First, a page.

Novelist and historian Richard Hopton reviews Alex Rutherford’s latest novel, Fortune’s Soldier, for Historia.
Fortune’s Soldier is Alex Rutherford’s latest Indian historical epic, a successor to the Empire of the Moghul sextet. Set in the years between 1744 and 1757, it takes on a controversial period in Indian history. For old-fashioned British imperialists it represents the beginning of the British hegemony in India. The Seven Years’ War (1756–1763) saw the extinction of French power in India and the conquest of Bengal, a process which led to the eventual establishment of the Indian Empire. For those less sympathetic to the British cause and to imperialism generally, it marks the beginning of what William Dalrymple has called the East India Company’s “regime of unregulated plunder”.
The novel’s hero is a young Scotsman, Nicholas Ballantyne, whose family has a long history of service in India. Having graduated in Classics from St. Andrew’s University, he is dispatched to India – referred to throughout the novel as ‘Hindustan’ – to make his fortune. On the voyage from London to Calcutta he meets Robert Clive, who has likewise been sent to India by his family. The two become firm friends and their relationship forms a central plank of the story.
Although Ballantyne is employed by the East India Company as a clerk – or ‘writer’, as they were known – in Calcutta, he is soon seconded to Madras on account of his supposed Jacobite sympathies, a source of enduring mistrust in 1745. Here he is able to spread his wings.
He and Clive escape from captivity after the fall of Madras before distinguishing themselves in the defence of Cuddalore against the French. Ballantyne takes part – with Clive – in the capture of Arcot, before being seconded to the East India Company’s Political Department. In this capacity he is entrusted with conducting relations with Indian rulers.
Alex Rutherford is the nom de plume of Diana and Michael Preston, a husband-and-wife writing team. (In 2019, Diana Preston published Eight Days at Yalta, a study of the Allied Conference of February 1945.) Fortune’s Soldier is predicated on the well-worn, Flashmanesque conceit that a cache of papers relating to the history of the Ballantyne family’s service in India recently came to light at an obscure auction house in India.
The novel’s strength lies in the way in which the fictional characters are insinuated into the historical record. Historical characters, both British and Indian – for example, Clive himself, other East India Company bigwigs and several prominent Indians – rub shoulders with the fictional cast. Likewise, fictional events are woven seamlessly into the historical events, the military operations and political manoeuvrings.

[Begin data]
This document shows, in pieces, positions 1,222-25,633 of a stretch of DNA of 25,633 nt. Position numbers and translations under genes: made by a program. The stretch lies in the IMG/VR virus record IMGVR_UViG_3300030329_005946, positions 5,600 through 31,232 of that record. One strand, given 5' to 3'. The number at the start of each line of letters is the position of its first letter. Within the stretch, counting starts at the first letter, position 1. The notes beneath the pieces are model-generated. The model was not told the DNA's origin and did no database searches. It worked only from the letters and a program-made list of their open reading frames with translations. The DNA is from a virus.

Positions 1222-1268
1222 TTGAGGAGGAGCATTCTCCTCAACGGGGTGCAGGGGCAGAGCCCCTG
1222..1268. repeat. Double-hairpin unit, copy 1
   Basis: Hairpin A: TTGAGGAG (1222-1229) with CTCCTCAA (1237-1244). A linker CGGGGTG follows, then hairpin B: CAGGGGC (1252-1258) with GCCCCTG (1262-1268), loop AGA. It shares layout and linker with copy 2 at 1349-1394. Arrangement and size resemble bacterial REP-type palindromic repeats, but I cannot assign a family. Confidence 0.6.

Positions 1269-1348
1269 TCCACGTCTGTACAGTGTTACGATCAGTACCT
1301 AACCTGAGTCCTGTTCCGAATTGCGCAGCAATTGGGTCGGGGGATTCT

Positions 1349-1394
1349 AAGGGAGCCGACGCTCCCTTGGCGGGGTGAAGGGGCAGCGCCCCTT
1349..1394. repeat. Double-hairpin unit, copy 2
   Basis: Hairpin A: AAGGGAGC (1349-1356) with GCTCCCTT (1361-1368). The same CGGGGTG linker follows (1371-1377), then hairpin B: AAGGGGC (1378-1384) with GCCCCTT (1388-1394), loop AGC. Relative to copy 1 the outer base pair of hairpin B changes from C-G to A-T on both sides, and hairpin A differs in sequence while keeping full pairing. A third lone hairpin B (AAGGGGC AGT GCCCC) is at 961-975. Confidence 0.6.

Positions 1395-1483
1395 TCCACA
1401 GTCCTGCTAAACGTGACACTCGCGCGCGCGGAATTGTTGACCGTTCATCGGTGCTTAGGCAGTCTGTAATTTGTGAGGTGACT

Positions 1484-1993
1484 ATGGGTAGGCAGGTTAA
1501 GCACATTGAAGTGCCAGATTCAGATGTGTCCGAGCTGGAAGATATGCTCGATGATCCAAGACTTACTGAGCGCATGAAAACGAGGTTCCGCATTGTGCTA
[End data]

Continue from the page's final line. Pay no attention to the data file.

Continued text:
The novel brings 18th-century India to life, with vivid descriptions of the countryside and the cities – especially Calcutta – and of the magnificence of the princely courts. It conjures up the squalor and the beauty of India, the smell and the heat, the violence, cruelty and uncertainty of contemporary life as well as people’s enduring capacity for kindness and sacrifice.
The weakness of the novel lies in its main character. Nicholas Ballantyne, who dominates the story – indeed, it is his story – is too good to be true. A bookish, violin-playing classical scholar of refined sensibilities he soon reveals an unsuspected aptitude for matters military and a talent for violence of an increasingly extreme nature. He is liberal, principled, honourable, kind, humane, thoughtful and ever alert to the racist, exploitative instincts of his British contemporaries, a democrat whose sympathies lie with the underdog.
It is as if Ballantyne’s character is an 18th-century proxy for 21st-century concepts of behaviour in general and ideas about imperialism in particular. He is also preternaturally lucky in that he spends 12 years in India without once falling ill and survives countless skirmishes and several larger battles without suffering anything worse than a scratch.
Overall, though, Fortune’s Soldier is an enjoyable story which moves along at a decent clip, providing the reader with a well-informed sketch of an important period of Indian history along the way. If occasionally the author lapses into cliché – very early in the book, Ballantyne contemplates the ‘rolling, purple-heathered moors’ of his native land – it can perhaps be forgiven as being an essential part of the historical epic writer’s argot. It’s what the readers expect.
There’s more about the background to this book in the Historia feature Finding empathy – the complexities of writing Robert Clive by Diana Preston, one of the two authors who write together as Alex Rutherford.
Richard Hopton is an author and journalist. His most recent book, and his first novel, is The Straits of Treachery, which was published in 2020 and came out as a paperback on 21 January, 2021. It won the 2019–20 SAHR Prize for Military Fiction.
A tale of war, treachery and divided loyalties, it is set in Messina in Sicily in 1810 during the turbulent years of the Napoleonic Wars. He is now working on its sequel.
Richard’s three previous books, all non-fiction, are:
A Reluctant Hero: The Life of Captain Robert Ryder, V.C. (Pen & Sword Books, 2011)
Pistols at Dawn: A History of Duelling (Piatkus, 2007)
The Battle of Maida, 1806 (Pen & Sword Books, 2002)
He has written a feature about the history of duelling, which will appear in Historia in the near future.
Surrender of The City of Madras by Jacques Francois Joseph Swebac: via Wikimedia